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For information on Wisconsin's natural communities, contact:
Ryan O'Connor
Natural Heritage Inventory Ecologist

Mesic Floodplain Terrace

State Rank: S2     Global Rank: GNR   what are these ranks?


General natural community overview

Counties shaded blue have documented occurrences for Mesic Floodplain Terrace in the Wisconsin Natural Heritage Inventory database.

Mesic floodplain terraces are deciduous forests developed on alluvial terraces along rich, infrequently flooding (or flooding only for a very short period) rivers draining into Lake Superior. The dominant trees are usually sugar maple (Acer saccharum), basswood (Tilia americana), and sometimes ashes (Fraxinus spp.). There is a diverse spring ephemeral flora, which in Wisconsin includes many southern species at their northern range limits. By late spring, however, these may be overtopped by dense stands of ostrich fern (Matteuccia struthiopteris) and wood-nettle (Laportea canadensis).

Rare animals

Species of Greatest Conservation Need

Wisconsin Wildlife Action Plan graphic

The following Species of Greatest Conservation Need are listed according to their level of association with the Mesic Floodplain Terrace natural community type, based on the findings in Wisconsin's 2015 Wildlife Action Plan.

Scores: 3 = high association, 2 = moderate association, and 1 = low association. See the key to association scores for complete definitions.

Four-toed SalamanderHemidactylium scutatum3
Pickerel FrogLithobates palustris2
Mink FrogLithobates septentrionalis1

Aquatic and terrestrial snailsScore
Eastern Flat-whorlPlanogyra asteriscus3
Boreal TopZoogenetes harpa2
Broad-banded ForestsnailAllogona profunda1
Deep-throated VertigoVertigo nylanderi1

A Predaceous Diving BeetleAgabus leptapsis2
A Water Scavenger BeetleAgabetes acuductus1

Least FlycatcherEmpidonax minimus3
American WoodcockScolopax minor2
Black-backed WoodpeckerPicoides arcticus1
Long-eared OwlAsio otus1
Northern GoshawkAccipiter gentilis1
Red-shouldered HawkButeo lineatus1

Grasshoppers and alliesScore
Crackling Forest GrasshopperTrimerotropis verruculata1
Spotted-winged GrasshopperOrphulella pelidna1

Little Brown BatMyotis lucifugus3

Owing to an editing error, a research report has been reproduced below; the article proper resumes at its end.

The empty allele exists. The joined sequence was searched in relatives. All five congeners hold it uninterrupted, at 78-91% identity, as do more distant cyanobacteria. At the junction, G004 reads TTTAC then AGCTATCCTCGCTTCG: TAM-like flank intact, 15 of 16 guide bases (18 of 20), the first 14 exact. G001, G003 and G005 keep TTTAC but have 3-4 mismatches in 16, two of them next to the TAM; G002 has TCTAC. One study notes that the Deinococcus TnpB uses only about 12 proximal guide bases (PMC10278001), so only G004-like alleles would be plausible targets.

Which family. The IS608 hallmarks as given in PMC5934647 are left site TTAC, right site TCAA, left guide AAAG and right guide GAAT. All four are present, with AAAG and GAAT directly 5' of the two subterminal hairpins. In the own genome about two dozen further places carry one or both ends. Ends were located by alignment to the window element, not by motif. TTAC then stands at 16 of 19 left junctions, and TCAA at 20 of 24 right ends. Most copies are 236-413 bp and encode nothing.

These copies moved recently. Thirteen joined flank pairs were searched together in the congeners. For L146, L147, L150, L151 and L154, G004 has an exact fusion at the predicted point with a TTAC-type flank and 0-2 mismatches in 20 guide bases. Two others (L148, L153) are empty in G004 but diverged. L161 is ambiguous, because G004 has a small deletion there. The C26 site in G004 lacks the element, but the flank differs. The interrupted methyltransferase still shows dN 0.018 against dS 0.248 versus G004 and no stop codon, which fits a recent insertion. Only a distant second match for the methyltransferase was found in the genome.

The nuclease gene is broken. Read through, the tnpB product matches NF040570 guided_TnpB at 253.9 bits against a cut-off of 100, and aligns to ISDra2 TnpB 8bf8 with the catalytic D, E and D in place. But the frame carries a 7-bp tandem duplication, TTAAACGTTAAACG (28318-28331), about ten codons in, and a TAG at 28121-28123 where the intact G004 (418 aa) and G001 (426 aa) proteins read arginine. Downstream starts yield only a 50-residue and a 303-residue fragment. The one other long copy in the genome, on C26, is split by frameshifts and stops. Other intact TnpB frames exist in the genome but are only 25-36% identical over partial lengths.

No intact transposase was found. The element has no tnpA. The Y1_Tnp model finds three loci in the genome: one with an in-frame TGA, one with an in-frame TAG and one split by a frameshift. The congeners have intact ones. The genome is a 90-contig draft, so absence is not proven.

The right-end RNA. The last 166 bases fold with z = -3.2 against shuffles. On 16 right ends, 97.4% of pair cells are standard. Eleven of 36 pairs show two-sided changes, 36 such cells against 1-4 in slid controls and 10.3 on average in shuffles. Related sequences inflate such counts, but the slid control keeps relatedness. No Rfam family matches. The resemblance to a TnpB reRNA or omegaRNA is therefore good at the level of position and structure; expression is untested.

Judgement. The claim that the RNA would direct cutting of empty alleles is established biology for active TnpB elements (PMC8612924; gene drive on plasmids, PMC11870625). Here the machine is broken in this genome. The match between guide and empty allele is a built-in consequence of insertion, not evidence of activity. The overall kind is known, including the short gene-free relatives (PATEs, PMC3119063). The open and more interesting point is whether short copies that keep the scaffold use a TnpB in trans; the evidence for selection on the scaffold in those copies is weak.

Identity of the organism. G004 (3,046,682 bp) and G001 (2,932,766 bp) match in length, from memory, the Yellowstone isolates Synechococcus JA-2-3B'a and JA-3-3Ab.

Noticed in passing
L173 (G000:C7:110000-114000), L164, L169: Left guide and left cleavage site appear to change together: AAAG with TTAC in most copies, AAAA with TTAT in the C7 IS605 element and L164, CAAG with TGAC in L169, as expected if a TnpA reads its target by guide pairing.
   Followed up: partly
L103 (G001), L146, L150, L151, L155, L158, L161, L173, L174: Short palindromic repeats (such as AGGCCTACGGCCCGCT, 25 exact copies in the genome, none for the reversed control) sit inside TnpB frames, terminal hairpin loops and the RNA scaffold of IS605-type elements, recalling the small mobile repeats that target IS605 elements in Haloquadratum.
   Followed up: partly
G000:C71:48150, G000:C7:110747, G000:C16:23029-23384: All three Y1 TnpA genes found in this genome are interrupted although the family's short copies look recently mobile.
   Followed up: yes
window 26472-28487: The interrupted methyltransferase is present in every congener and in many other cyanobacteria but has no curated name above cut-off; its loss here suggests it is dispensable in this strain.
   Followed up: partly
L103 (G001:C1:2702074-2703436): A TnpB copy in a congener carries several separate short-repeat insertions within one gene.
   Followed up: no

Northern Flying SquirrelGlaucomys sabrinus2
Northern Long-eared BatMyotis septentrionalis2
Silver-haired BatLasionycteris noctivagans2
Water ShrewSorex palustris2
American MartenMartes americana1
Big Brown BatEptesicus fuscus1
Woodland Jumping MouseNapaeozapus insignis1

Wood TurtleGlyptemys insculpta3

Please see Section 2. Approach and Methods of the Wildlife Action Plan to learn how this information was developed.

Rare plants

The Natural Heritage Inventory has developed scores indicating the degree to which each of Wisconsin's rare plant species is associated with a particular natural community or ecological landscape. This information is similar to that found in the Wildlife Action Plan for animals. As this is a work in progress, we welcome your suggestions and feedback.

Scores: 3 = "significantly associated," 2 = "moderately associated," and 1 = "minimally associated."
Scientific Name Common Name Score
Cardamine maxima Large Toothwort 3


The following Ecological Landscapes have the best opportunities to manage for Mesic Floodplain Terrace, based on the Ecological Landscapes of Wisconsin Handbook.

Map of the Ecological Landscapes of Wisconsin.

Ecological LandscapeOpportunity
Superior Coastal PlainImportant

Major (3 on map)
A major opportunity for sustaining the natural community in the Ecological Landscape exists, either because many significant occurrences of the natural community have been recorded in the landscape or major restoration activities are likely to be successful maintaining the community's composition, structure, and ecological function over a longer period of time.

Important (2 on map)
Although the natural community does not occur extensively or commonly in the Ecological Landscape, one to several occurrences do occur and are important in sustaining the community in the state. In some cases, important opportunities may exist because the natural community may be restricted to just one or a few Ecological Landscapes within the state and there may be a lack of opportunities elsewhere.

Present (1 on map)
The natural community occurs in the Ecological Landscape, but better management opportunities appear to exist in other parts of the state.


Wisconsin Wildlife Action Plan graphic

What are conservation actions?

Conservation actions respond to issues or threats, which adversely affect species of greatest conservation need (SGCN) or their habitats. Besides actions such as restoring wetlands or planting resilient tree species in northern communities, research, surveys and monitoring are also among conservation actions described in the WWAP because lack of information can threaten our ability to successfully preserve and care for natural resources.

Threats/issues and conservations actions for natural communities


Mesic Floodplain Terrace Photos

Mesic Floodplain Terrace Photo

Low Black River terrace with mesic to dry-mesic to wet-mesic forest near mouth of Morrison Creek, Jackson County.

Photo by Eric Epstein.

Mesic Floodplain Terrace Photo

Photo by Drew Feldkirchner.

Note: photos are provided to illustrate various examples of natural community types. A single photograph cannot represent the range of variability inherent in a given community type. Some of these photos explicitly illustrate unusual and distinctive community variants. The community photo galleries are a work in progress that we will expand and improve in the future.

Last revised: Tuesday, August 30, 2022